Just wish someone had, er, told me about this. See, I get most of my news from online sources these days, rather than buying papers. How cybertastic of me!
I could have added ‘corrupt’, or ‘bought and paid for by private health corps’, but that practically goes without saying in American politics today. The latest bolus of batshit craziness comes from that paragon of lowbrow gruntertainment, Sarah Palin. This excerpt came from a CNN report:
“”And who will suffer the most when they ration care?” she wrote. “The sick, the elderly, and the disabled, of course. The America I know and love is not one in which my parents or my baby with Down Syndrome will have to stand in front of Obama’s ‘death panel’ so his bureaucrats can decide, based on a subjective judgment of their ‘level of productivity in society,’ whether they are worthy of health care. Such a system is downright evil.”
Hot damn, of course! That’s what Obama has been planning all along! I bet he sat down with his advisors one day and said, ‘Y`know, we really need to do something evil, just to make sure Amurrica knows that we can outdo the Bushes at anything…I know! – lets put together a healthcare reform package which rations out treatment and sticks Downs Syndrome sufferers at the end of the queue! Yeah, I can already see our poll ratings rocketing….’
Which is what Palin and the rest of the knuckledragging rightwingers believe, or rather have been stoked and pumped and urged and blanket-hysterialised by Limbaugh and Glenn Beck and the rest to believe. I look and I listen to the frenzied mania over national health provision and I thank god-or-whoevers-in-charge that I live here in Great Britain. Thank god that after WW2 the electorate had the innate rational, good sense to do away with private health, that the Attlee government persisted with enacting the provisions of the Beveridge Report. Here’s a snippet from the Wikipedia page:
In the aftermath of the Second World War, Clement Attlee’s Labour government created the National Health Service, based on the proposals of the Beveridge Report , prepared in 1942. A White Paper was published in 1943 and was followed by considerable debate and resistance, organised by the British Medical Association, with the final BMA ballot in May 1948 showing GPs and hospital doctors in England against the new service. The structure of the NHS in England and Wales was established by the National Health Service Act 1946 (1946 Act) with the new arrangements launched on 5 July 1948. This was driven by health and housing minister Aneurin Bevan. The founding principles of the NHS called for its funding out of general taxation and not through national insurance.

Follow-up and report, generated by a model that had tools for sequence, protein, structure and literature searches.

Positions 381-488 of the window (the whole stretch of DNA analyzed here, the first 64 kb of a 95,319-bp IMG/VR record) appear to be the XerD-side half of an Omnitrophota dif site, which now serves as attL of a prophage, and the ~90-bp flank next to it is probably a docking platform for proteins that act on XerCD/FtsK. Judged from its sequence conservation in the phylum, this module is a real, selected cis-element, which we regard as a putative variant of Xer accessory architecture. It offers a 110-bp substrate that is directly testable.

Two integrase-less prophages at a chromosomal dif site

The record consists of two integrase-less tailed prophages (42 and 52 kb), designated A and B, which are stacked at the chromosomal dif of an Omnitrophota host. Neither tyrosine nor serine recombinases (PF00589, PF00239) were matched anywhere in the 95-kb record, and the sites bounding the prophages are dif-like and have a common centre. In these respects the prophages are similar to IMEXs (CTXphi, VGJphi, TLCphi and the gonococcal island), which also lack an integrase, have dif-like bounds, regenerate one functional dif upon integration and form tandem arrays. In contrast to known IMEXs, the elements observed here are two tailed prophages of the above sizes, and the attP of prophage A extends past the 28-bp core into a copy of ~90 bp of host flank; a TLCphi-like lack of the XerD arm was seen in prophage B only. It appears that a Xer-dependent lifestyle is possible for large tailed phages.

Services would henceforth be provided by the same doctors and the same hospitals, but:
services were provided free at the point of use;
services were financed from central taxation;
everyone was eligible for care (even people temporarily resident or visiting the country).
The NHS is a collective decision, a collective recognition that someone living down the road that you dont even know has the right to free hospital treatment. The right to be cured, the right to be helped, the right to succour. The enemies of Single-Payer in the USA do not want those rights for ordinary Americans. Deluded, clutching their Stalinist fantasies about ‘socialised medecine’ to their chests, these people are the enemies of the poor and the sick, nothing less. Sure, no system is perfect – we regularly hear stories about failures in care under the NHS, but the stories that come out of America detailing the pain and suffering and heartbreaking anguish inflicted on those with no money, or those whose health insurer decide to frak with their lives just to make a buck, makes my blood boil.
And if Obama’s reforms fail? Well, when Gore was cheated out of the presidency I was sure that there would be uprisings, same with Kerry. But, de nada, nothing, zip. And so it probably will be with this – I hope that Americans will not meekly allow the wealthy and their demonic corporations to kick them back down into the gutter. We`ll see.